20. @ManagedBean and JSR 299 are complementary. That being said, I think @ManagedBean makes sense for applications that do not use JSR 299 or when you want to keep a level of de-coupling between JSF and JSR 299.
    Thanks for responding Reza. The question I was trying to get at is that @ManagedBeans handle dependency injection. My assumption is that Weld/JSR-299 provides more sophisticated features for JSF2 users. I was inquiring as to what those features might be. In particular, I was hoping someone who is more familiar with the project can provide some "bottom-line" examples that would be readily understandable by a conventional JSF user.
  21. It's difficult to answer this question without revealing some warts. The simple answer is that a class which is picked up as a bean by CDI implicitly has the @ManagedBean annotation. With or without the annotation, the class falls under the new managed bean specification, which is an offshoot from the Java EE 6 specification. If CDI is not present, JSF manages the life cycle of the bean. If CDI is present, then it takes over. At last, managed beans have been unified in Java EE! The trouble is that JSF still provides a dependency injection facility which is not aligned with CDI, or the rest of Java EE for that matter. The injection I speak of is declared by the @ManagedProperty annotation. What anyone from the Red Hat camp will tell you is that you should basically stop using the JSF injections and use CDI instead. Because of the way CDI is designed, it likely has a lower overhead (or, at the very least, the same). The other major issue is that the @ManagedProperty injections are not contextual, meaning they create hard references (assignments) rather than being managed by a proxy. So in the end, use @Named (to give the CDI bean an EL name) instead of @ManagedBean when using JSF in Java EE 6 (or use a Weld extension to use CDI in a servlet environment). Eventually, we will clean up the divergence in JSF, hopefully in JSF 2.1. Only so much can be solved in one iteration...and trust that there has been a lot of problem solving going on. I hope that helps!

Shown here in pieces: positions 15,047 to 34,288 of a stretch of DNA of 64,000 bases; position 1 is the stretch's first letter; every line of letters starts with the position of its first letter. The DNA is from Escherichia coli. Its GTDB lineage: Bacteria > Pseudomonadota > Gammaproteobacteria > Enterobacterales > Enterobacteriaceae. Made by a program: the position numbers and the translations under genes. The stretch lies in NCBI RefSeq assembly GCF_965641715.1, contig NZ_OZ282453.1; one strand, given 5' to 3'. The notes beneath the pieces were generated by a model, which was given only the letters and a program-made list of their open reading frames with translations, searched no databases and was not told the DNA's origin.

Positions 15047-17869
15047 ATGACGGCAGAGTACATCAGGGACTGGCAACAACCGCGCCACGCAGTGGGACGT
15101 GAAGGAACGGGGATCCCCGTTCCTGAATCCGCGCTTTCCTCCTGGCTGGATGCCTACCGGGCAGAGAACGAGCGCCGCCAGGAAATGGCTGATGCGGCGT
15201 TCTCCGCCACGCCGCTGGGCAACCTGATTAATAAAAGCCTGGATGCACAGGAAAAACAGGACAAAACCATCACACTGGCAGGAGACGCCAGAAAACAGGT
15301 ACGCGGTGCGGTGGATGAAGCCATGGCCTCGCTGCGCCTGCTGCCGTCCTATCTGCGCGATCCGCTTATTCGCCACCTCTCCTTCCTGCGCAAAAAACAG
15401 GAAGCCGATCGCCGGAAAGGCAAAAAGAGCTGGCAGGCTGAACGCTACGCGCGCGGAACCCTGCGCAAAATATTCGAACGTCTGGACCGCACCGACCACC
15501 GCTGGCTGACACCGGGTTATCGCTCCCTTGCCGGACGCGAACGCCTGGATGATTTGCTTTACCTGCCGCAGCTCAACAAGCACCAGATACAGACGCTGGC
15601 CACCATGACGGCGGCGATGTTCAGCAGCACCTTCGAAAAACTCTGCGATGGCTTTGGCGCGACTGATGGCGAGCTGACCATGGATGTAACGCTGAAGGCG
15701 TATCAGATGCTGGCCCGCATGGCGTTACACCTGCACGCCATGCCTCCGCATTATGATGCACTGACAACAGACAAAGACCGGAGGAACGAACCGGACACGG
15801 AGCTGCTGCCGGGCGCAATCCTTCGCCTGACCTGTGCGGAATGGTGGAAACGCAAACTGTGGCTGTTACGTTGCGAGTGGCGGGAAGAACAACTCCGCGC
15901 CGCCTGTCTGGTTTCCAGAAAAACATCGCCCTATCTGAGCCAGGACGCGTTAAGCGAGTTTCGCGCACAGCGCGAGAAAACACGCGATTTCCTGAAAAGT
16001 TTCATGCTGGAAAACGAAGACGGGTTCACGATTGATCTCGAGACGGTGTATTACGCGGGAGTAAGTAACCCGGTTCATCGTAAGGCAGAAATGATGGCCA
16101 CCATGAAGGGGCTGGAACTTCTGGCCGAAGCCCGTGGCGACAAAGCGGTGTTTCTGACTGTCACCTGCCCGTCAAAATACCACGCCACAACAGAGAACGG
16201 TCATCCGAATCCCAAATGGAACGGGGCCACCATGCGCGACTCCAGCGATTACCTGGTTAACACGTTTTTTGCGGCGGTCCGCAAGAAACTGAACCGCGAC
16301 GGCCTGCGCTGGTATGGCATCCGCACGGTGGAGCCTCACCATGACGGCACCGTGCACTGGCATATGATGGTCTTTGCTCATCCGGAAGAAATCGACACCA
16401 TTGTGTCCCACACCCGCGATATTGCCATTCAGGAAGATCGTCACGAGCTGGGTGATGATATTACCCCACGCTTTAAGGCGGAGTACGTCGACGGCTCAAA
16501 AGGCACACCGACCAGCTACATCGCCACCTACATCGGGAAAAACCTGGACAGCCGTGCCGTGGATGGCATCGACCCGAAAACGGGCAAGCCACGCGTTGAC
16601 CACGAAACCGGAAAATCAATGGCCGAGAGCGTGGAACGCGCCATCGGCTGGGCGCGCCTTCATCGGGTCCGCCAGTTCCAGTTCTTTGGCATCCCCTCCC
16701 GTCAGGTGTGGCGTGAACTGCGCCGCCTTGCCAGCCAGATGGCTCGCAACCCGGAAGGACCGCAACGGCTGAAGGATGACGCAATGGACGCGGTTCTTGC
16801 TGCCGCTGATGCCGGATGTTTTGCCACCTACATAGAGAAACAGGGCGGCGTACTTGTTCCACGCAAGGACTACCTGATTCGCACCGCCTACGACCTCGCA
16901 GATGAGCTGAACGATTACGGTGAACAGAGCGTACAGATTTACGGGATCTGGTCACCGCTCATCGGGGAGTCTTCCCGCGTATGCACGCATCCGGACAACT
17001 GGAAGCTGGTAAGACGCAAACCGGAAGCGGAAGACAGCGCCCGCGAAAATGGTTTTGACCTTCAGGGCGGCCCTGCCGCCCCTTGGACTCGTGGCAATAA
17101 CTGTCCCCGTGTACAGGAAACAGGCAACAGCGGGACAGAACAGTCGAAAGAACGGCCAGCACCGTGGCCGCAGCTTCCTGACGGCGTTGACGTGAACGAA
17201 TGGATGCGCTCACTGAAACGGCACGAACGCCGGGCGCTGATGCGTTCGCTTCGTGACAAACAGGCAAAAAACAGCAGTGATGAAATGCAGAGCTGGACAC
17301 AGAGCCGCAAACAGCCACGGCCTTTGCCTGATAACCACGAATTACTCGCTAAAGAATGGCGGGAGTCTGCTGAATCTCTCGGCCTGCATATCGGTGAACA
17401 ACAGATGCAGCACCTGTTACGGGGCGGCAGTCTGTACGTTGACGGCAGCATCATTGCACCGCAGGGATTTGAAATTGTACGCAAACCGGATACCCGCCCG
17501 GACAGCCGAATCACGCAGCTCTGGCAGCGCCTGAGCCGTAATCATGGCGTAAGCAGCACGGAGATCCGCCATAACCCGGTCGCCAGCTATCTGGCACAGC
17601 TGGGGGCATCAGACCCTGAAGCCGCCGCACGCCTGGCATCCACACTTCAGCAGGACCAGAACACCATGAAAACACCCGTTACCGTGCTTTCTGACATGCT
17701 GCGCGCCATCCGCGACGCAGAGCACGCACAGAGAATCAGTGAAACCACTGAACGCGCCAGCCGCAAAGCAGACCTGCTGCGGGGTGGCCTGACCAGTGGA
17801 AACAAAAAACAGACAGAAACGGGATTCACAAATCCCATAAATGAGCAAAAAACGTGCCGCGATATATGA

22. The other major issue is that the @ManagedProperty injections are not contextual, meaning they create hard references (assignments) rather than being managed by a proxy.
    I tried to explain them that properties managed without a proxy are pretty useless. They are good only for the HelloWorld application. JSF team thinks that an old style managed property is better then nothing, but I don't think so because it introduces further useless confusion.
  23. I was inquiring as to what those features might be.
    Steven, I hope the responses above answered your question somewhat. Just to make sure, JSR-299 provides a much richer set of dependency injection features more in line with Spring, Guice, Seam, etc. Some key features are type-safety, qualifiers, stereotypes, producers, disposers, declarative scope/life-cycle management, an SPI (bean resolution programmatic API if you will), events, etc. That being said, it might be the case that @ManagedBean coupled with @Resource, @EJB, etc are sufficient for your purposes or is a good starting point. I do strongly suspect that you would opt to use JSR-299 if it is available. It really is a good API, you should give the spec a read for now. Once things get settled down for Java EE 6, I was planning on writing something on TSS describing JSR 299...hopefully that will help. Cheers, Reza ------------------------------------------------------------ Independent Consultant Author, EJB 3 in Action Expert Group Member, Java EE 6 and EJB 3.1 Resin EJB 3.1 Lite Container Lead